When I first heard about Sonic Pixels, it was nothing more than a concept mixing audio and visual stimulants using technology and engineering. Doing a quick Google search only brought up a certain blue hedgehog and a distracting window shopping experience to upgrade my home cinema – that was it, no sketches, prototypes or examples that could be drawn from.
How would it sound?
How would it look?
How would it work?
And most importantly, for me, how the hell would I document this thing that hadn’t been done before?
Lewis Sykes, from Corbrook Creative, wanted to explore sound within a space. Creating a sonic experience where the listener is surrounded by the audio. Not through standard surround sound and 5.1 channel audio, but through a grid of speakers totally immersing the listener.
An exciting idea that began to develop in the lab. With the help of James Medd, the Eagle Lab Salford engineer, the idea quickly began to take shape. Experimenting with electronics boards, such as an Arduino; an open-source hardware and software platform (Arduino, 2018).
The Arduino boards are incredibly capable being used in diverse projects such as:
Using the facilities and knowledge at Eagle Lab Salford and experimenting with different electronic components to achieve what was now becoming apparent that each device had to be powered and controlled by a computer board.
Key to the project was the micro:bit, with each device hosting the tiny computer to control the playback of audio and link to the master controller, also a micro:bit. The micro:bit is a small computing device, designed to be affordable, interactive, accessible and adaptable. For such a tiny computer, it has a built-in 5x5 LED display, motion detection (accelerometer and compass), temperature and light sensors with radio and Bluetooth wireless communication. The device also has two programmable buttons, micro USB interface and physical connection pins (for connecting devices, such as keyboards, speakers and a banana!)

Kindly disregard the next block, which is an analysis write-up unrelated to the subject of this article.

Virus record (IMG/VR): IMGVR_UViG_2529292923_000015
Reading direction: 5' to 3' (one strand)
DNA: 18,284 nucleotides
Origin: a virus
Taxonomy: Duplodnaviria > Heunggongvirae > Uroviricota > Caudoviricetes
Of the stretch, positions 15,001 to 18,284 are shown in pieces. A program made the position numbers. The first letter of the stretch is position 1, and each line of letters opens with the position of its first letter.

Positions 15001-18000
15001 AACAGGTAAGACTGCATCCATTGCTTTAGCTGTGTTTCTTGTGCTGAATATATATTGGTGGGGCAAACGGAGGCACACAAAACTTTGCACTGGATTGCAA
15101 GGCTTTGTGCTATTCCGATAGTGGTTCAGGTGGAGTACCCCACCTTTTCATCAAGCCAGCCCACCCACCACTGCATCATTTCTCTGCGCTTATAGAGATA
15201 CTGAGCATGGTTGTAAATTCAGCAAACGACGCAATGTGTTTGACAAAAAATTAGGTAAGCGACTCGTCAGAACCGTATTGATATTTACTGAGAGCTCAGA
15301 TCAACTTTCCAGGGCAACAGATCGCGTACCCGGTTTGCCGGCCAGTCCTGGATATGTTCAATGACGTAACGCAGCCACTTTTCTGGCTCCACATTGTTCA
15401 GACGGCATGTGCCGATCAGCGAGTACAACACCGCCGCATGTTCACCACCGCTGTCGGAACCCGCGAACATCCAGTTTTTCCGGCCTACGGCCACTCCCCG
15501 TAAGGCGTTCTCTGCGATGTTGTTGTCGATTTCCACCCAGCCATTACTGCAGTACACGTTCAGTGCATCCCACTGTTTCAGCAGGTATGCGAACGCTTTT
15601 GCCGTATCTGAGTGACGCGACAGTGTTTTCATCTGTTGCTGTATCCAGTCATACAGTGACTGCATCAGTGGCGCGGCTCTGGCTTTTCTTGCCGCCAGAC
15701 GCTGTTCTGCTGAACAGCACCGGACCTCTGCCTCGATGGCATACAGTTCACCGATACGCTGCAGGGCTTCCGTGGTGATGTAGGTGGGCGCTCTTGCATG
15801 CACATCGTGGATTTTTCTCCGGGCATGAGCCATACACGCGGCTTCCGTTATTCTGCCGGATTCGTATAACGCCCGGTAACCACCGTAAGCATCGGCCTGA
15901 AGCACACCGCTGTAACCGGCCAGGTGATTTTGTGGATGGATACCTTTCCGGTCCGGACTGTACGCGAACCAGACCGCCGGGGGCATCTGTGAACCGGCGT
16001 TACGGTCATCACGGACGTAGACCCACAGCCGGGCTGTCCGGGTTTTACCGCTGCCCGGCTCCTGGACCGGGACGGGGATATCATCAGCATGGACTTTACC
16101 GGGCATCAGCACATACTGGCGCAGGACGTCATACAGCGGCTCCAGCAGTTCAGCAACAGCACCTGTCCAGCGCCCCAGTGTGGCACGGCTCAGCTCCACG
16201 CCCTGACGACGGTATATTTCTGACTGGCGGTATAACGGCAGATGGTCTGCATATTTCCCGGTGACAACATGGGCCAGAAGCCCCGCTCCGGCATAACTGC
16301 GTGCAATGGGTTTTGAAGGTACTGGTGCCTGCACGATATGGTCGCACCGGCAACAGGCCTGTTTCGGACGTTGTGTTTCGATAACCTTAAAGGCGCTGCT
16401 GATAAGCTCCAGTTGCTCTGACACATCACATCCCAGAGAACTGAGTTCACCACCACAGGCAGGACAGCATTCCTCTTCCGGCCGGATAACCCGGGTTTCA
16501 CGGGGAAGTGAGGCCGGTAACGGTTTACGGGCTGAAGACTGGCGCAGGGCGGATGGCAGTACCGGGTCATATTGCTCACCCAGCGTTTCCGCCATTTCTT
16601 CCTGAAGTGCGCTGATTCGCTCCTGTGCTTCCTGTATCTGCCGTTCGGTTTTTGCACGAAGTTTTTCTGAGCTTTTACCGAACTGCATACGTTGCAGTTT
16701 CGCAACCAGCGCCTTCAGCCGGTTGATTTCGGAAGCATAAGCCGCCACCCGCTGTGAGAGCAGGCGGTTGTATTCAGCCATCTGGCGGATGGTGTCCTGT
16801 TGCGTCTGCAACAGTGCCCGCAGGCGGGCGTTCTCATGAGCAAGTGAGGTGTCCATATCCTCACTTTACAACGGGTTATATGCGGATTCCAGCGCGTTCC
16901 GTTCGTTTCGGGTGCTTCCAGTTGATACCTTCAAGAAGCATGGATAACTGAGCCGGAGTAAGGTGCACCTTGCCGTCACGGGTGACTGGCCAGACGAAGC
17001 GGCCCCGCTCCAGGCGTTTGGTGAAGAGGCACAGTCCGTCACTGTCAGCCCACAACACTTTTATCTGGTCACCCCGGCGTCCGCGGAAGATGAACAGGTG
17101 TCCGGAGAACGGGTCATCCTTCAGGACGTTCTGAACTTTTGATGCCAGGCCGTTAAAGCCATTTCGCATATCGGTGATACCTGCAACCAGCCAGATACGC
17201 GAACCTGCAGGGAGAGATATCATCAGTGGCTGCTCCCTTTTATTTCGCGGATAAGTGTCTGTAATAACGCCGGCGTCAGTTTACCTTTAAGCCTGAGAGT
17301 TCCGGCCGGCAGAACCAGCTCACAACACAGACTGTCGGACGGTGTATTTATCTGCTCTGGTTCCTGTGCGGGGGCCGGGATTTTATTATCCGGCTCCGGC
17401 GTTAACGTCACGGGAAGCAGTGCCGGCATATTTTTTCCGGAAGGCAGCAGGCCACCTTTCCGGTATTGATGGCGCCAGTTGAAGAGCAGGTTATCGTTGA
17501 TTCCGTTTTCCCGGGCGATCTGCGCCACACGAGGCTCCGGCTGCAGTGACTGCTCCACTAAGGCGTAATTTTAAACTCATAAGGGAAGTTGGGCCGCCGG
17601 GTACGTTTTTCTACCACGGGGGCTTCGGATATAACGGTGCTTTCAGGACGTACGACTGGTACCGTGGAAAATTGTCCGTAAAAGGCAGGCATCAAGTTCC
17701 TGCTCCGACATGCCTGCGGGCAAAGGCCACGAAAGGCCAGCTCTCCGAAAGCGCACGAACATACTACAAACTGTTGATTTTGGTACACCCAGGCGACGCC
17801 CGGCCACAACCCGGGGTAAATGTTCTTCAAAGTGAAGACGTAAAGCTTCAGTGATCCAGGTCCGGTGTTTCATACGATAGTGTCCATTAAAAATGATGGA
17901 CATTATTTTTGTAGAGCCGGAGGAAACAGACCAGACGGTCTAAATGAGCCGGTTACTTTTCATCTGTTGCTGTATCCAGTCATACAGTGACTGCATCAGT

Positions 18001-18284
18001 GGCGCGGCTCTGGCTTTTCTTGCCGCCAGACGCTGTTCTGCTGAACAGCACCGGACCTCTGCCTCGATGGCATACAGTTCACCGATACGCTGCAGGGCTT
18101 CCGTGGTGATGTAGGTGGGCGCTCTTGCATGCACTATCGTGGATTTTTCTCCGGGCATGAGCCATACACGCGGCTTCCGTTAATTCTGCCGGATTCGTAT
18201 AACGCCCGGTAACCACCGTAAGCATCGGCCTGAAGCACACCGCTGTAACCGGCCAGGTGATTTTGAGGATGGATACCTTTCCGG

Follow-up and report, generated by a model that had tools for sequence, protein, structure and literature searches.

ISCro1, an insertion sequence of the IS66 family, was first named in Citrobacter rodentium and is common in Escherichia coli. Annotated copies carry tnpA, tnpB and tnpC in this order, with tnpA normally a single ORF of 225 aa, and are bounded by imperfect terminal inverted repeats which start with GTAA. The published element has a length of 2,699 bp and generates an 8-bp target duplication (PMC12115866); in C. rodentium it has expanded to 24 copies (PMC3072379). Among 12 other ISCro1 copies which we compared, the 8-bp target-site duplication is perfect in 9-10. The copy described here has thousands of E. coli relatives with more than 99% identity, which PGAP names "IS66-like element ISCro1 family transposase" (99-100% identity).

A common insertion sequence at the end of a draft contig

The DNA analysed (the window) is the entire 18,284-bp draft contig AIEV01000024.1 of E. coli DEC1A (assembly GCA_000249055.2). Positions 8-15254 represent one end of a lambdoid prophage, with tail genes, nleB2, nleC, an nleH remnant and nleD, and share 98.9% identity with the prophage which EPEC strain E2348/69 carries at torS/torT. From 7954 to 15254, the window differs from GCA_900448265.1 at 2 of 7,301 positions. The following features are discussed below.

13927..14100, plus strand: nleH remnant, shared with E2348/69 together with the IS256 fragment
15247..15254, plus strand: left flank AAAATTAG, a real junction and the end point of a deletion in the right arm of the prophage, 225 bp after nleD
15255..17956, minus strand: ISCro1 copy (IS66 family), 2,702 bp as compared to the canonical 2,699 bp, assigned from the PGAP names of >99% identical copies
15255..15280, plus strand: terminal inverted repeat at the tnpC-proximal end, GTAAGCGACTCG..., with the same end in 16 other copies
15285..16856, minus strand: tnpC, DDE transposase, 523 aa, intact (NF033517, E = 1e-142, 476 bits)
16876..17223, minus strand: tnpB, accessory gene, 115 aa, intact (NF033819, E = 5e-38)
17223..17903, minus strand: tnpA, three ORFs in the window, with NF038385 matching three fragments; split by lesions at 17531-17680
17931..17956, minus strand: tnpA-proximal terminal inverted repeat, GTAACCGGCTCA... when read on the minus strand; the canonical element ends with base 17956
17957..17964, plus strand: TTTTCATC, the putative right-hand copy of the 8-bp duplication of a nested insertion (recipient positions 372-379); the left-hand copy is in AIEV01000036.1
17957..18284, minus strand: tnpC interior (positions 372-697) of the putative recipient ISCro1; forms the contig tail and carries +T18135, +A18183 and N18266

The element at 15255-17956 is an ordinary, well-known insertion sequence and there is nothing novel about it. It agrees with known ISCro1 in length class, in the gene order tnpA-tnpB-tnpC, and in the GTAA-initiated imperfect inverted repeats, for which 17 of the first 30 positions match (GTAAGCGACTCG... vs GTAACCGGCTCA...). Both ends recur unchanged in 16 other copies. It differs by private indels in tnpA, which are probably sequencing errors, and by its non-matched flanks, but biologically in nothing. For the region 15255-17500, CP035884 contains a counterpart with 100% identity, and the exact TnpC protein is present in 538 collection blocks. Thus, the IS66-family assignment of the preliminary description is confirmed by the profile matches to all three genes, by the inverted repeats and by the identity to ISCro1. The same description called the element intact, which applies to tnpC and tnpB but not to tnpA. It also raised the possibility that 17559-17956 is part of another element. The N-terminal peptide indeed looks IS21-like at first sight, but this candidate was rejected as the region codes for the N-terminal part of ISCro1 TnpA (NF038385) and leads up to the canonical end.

Perhaps a documentary was a too formal platform to depict Sonic Pixels, the project itself was more playful and experimental than the authoritative tones of documentaries like An Inconvenient Truth. I wanted to tell the story, perhaps influence and inspire the audience. esearch led towards a vlog, usually a video documenting an aspect of person’s life. A vlog can also tell a short story, such as that of the hobbyist. It can be both instructional and entertaining usually centring around an individual (VloggingPro, 2015).
Social video platforms like YouTube and Twitch have allowed anyone to express themselves through video and talk about anything. An example of this is the Ben Heck Show.
A study from GlobalWebIndex (GWI) surveyed more than 17,000 internet users. From their findings, researchers found 47% of people aged 16-24 said they had watched a vlog in the previous month, this figure increased to 50% for people aged 25-34. Debunking the notion that vlog viewers are all teenagers (Digitalstrategyconsulting.com, 2015).Vlogging is still heavily associated with entertainment, rather than reportage or documenting a complicated process. Take the Ben Heck show while it does a fantastic job of tutorials and step-by-step guides, there’s also a significant proportion of humour in there too. Also, take one of YouTube’s massive stars, such as Zoella, with over 12 million subscribers. Her vlogs, while informative and tutorial in nature are primarily entertainment, something you could quite easily see in Saturday Morning Kitchen – BBC One.
GlobalWebIndex survey results about purchasing decisions (Digitalstrategyconsulting. com, 2015)